The job interview is a delicate time for both the HR manager and the candidate.
The candidate must show himself to be at ease, but not too relaxed; determined, but not arrogant; and, of course, must be prepared. On the other hand, the interviewer must understand in a few minutes whether the person in front of him is the most suitable to fill the vacant job position.
Contrary to popular belief, however, the job interview is not an interrogation, in which the interviewer submits the candidate to a barrage of questions, but a dialogue, in which the candidate may also find out about the role he or she would take on in the event of a successful completion of the interview.
Usually, the HR manager gives the candidate the opportunity to ask questions at the end of the interview, but there is one who recommends that the candidates ask questions from the beginning: this is Lynn Taylor, English, workplace expert and author of Tame your terrible Office Tyrant: How to Manage Childish Boss Behavior and Thrive in Your Job.
Business Insider magazine has dedicated an article to the four questions that, according to Taylor, a candidate may ask the interviewer from the start. Let’s find out about them.
“How has this job position evolved over time?”
According Lynn Taylor, “This is a question that demonstrates intellectual curiosity without being intrusive and brazen. It enables HR managers to express themselves and, at the same time, enables you to gather information about the history of the position. For example, you can tell whether the role involves turnover or the opportunity to grow professionally. ”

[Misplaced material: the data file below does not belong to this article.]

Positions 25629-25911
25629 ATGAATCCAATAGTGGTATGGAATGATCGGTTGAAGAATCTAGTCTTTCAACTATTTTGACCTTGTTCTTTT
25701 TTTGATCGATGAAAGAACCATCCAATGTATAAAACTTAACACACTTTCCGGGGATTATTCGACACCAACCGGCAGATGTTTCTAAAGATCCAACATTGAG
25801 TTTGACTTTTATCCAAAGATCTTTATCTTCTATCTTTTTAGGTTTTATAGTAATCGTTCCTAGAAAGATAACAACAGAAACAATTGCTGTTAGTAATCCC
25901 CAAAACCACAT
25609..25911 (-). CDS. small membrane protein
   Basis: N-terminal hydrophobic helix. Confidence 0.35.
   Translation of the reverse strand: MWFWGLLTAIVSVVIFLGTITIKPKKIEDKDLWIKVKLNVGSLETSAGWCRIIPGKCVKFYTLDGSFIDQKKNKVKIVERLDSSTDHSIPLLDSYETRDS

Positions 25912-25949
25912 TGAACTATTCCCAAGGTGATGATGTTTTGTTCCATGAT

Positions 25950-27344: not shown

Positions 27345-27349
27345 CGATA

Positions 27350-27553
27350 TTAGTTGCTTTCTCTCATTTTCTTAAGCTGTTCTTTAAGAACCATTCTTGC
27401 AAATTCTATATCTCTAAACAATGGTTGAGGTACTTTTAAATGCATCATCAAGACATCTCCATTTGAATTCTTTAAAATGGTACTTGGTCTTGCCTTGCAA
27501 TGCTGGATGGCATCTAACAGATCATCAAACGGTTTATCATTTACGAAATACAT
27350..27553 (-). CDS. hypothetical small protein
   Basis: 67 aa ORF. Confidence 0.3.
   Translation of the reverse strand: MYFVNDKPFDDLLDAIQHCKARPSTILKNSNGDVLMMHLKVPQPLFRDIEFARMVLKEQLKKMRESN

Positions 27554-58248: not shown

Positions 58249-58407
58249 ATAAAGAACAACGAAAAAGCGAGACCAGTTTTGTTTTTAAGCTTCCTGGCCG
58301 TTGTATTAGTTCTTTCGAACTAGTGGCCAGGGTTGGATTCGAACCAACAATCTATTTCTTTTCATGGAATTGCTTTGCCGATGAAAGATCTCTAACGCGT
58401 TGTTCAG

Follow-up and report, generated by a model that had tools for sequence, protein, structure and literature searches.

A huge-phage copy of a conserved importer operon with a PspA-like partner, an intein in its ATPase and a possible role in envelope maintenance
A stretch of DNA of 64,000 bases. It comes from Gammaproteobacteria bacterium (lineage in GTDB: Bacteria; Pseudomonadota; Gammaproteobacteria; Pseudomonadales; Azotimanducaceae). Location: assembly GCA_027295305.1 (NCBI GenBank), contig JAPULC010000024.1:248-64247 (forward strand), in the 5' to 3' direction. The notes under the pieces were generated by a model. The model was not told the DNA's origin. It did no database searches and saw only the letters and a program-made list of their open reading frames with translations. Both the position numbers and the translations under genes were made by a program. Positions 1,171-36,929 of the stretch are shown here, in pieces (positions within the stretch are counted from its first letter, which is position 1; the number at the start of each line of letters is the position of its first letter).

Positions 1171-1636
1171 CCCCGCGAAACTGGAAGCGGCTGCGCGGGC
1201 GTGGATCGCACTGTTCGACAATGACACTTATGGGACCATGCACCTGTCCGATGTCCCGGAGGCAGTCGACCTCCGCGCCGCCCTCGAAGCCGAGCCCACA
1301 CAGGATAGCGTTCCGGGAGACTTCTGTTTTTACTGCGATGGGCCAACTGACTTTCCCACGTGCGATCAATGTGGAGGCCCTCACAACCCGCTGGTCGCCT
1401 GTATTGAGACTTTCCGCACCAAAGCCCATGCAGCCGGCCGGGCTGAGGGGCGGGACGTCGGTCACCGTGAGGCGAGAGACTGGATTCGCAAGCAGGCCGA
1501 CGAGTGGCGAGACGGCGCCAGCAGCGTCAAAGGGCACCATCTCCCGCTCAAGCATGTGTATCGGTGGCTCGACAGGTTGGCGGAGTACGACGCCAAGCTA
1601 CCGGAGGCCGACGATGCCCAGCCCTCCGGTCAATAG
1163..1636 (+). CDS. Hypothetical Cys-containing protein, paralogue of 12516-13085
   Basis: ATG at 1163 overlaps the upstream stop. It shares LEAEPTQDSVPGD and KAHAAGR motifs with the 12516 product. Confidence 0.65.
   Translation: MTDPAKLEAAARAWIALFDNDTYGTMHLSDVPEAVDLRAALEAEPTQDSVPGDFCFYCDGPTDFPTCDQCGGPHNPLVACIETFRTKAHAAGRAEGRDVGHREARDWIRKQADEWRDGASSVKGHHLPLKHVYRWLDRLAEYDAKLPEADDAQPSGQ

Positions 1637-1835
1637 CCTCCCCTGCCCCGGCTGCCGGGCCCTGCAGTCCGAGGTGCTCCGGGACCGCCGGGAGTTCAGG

“How can my role help the company achieve its objectives?”
Taylor suggests that you get a picture of the situation right from the beginning of the interview: “This will enable you to answer in the most appropriate manner. It is easier to sell your skills and knowledge if you can relate them to the business strategy. ”
“What do you like most about working for this company?”
This is a “harmless and friendly” question that shows an interest in the interviewer. The risk is that may be taken for flattery, but it is useful to understand more about the job position and the company as a whole.
“Does the interviewer hesitate to mention the company’s staff, its products or services? Does he or she focus on the numbers related to growth and ignore any negative ones? This may give you a small preview on the manager’s prospects and priorities”.
“Can you describe some of the tasks that I will have to carry out, or tell me about a typical working day?”
“This is a good opportunity to demonstrate that you have done your homework,” says Taylor, adding that the question is useful “to understand what to expect from the new job and how it can help the company to achieve its goals.”
These are the four questions that Lynn Taylor suggests asking during the early stages of the interview.
Our opinion? Caution: it is possible that asking these questions right away may not be a good thing: on the contrary, there is the risk of appearing arrogant or opinionated and thus compromise the outcome of the interview.
During the interview, you could still try to ask the interviewer one of these four questions, in an unassuming but determined manner, to understand how to give the right answers at the right time and be successful.